Album Sales Drop Signals Transitions


Grey hairs among us may remember the thrill of a trip to the corner record shop to buy the hottest new album the day of its release.

People don’t do that anymore.  Sam Weaver, a 40-year radio veteran and an editor with music industry trade publication All Access says consumer’s options have improved wildly.  “Oh, my gosh!  I-Tunes, for example.  You Tube, Pandora, Spotify.  These are all the ways consumers can get access to their music,” Weaver tells KTRH News. 

“Nielson released a study that shows music consumption has increased 12.5%.  Now – that’s consumption vs. sales, traditional sales, album sales,”  he says, citing a 2017 review adding traditional album sales with track equivalent album units, and other forms of audio and video streaming. Even if you take You-Tube out of the equation, there has been a 10.2% uptick in music consumption.  Streaming now accounts for 65% of all music consumed, up from 51% in 2016.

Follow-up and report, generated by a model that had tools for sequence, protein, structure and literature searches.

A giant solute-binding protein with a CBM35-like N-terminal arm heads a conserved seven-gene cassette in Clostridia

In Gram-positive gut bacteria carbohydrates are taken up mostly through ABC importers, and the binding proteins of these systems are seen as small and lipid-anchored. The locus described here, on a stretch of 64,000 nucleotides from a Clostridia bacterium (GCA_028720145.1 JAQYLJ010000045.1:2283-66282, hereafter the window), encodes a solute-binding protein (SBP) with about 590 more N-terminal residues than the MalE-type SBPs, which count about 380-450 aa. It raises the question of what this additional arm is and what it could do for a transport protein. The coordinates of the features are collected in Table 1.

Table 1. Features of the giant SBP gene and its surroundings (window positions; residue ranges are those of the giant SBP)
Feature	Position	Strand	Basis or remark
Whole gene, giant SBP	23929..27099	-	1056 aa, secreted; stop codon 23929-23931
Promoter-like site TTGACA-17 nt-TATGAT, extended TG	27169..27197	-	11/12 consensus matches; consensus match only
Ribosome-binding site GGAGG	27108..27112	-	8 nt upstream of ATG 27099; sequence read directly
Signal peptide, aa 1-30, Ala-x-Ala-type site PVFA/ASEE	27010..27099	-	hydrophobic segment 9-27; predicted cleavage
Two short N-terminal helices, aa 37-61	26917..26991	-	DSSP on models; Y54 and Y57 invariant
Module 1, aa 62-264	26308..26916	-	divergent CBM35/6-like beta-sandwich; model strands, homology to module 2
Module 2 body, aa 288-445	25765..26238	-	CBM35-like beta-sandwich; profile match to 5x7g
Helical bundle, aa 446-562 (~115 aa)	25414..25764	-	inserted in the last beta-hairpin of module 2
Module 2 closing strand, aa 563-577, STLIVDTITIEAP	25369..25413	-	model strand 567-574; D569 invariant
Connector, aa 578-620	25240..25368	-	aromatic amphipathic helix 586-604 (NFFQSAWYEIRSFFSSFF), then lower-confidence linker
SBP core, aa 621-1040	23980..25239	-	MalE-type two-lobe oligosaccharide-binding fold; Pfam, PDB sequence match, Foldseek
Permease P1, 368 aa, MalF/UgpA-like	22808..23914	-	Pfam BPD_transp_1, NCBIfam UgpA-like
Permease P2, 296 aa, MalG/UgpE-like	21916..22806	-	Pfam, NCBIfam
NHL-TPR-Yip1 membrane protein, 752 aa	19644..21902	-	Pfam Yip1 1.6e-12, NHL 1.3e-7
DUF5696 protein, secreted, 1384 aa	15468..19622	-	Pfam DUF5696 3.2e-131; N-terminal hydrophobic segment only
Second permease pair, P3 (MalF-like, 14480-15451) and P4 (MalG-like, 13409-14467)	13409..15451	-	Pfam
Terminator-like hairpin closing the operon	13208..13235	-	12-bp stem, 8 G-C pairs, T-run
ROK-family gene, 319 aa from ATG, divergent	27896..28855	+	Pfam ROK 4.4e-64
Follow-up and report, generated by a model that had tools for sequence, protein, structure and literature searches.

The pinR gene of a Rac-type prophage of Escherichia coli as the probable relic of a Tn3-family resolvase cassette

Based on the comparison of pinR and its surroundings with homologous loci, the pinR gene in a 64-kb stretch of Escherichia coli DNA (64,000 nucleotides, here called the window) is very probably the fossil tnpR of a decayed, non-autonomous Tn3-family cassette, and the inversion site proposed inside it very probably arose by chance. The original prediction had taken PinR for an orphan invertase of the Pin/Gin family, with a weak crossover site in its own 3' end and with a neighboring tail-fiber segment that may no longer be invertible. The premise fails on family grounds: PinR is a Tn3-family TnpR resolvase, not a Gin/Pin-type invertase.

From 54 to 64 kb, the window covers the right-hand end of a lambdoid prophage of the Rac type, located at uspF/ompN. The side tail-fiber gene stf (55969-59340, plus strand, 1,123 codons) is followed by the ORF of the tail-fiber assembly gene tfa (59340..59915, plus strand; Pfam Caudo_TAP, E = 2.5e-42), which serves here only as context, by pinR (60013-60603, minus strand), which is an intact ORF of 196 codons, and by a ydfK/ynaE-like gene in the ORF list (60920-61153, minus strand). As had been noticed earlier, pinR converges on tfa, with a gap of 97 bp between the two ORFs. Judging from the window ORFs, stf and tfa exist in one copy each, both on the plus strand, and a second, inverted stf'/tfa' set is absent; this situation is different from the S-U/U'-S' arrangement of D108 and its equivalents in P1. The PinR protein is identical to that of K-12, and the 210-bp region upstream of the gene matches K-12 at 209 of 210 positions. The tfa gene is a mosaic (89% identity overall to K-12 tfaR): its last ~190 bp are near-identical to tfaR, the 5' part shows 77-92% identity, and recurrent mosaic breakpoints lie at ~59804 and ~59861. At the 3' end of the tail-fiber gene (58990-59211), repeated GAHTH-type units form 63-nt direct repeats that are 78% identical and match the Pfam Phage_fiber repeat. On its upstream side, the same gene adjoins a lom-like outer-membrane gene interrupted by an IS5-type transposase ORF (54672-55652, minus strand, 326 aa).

If B.B. King could grab Lucille today he’d be strumming “…the thrill ain’t gone.”  It’s only moved.


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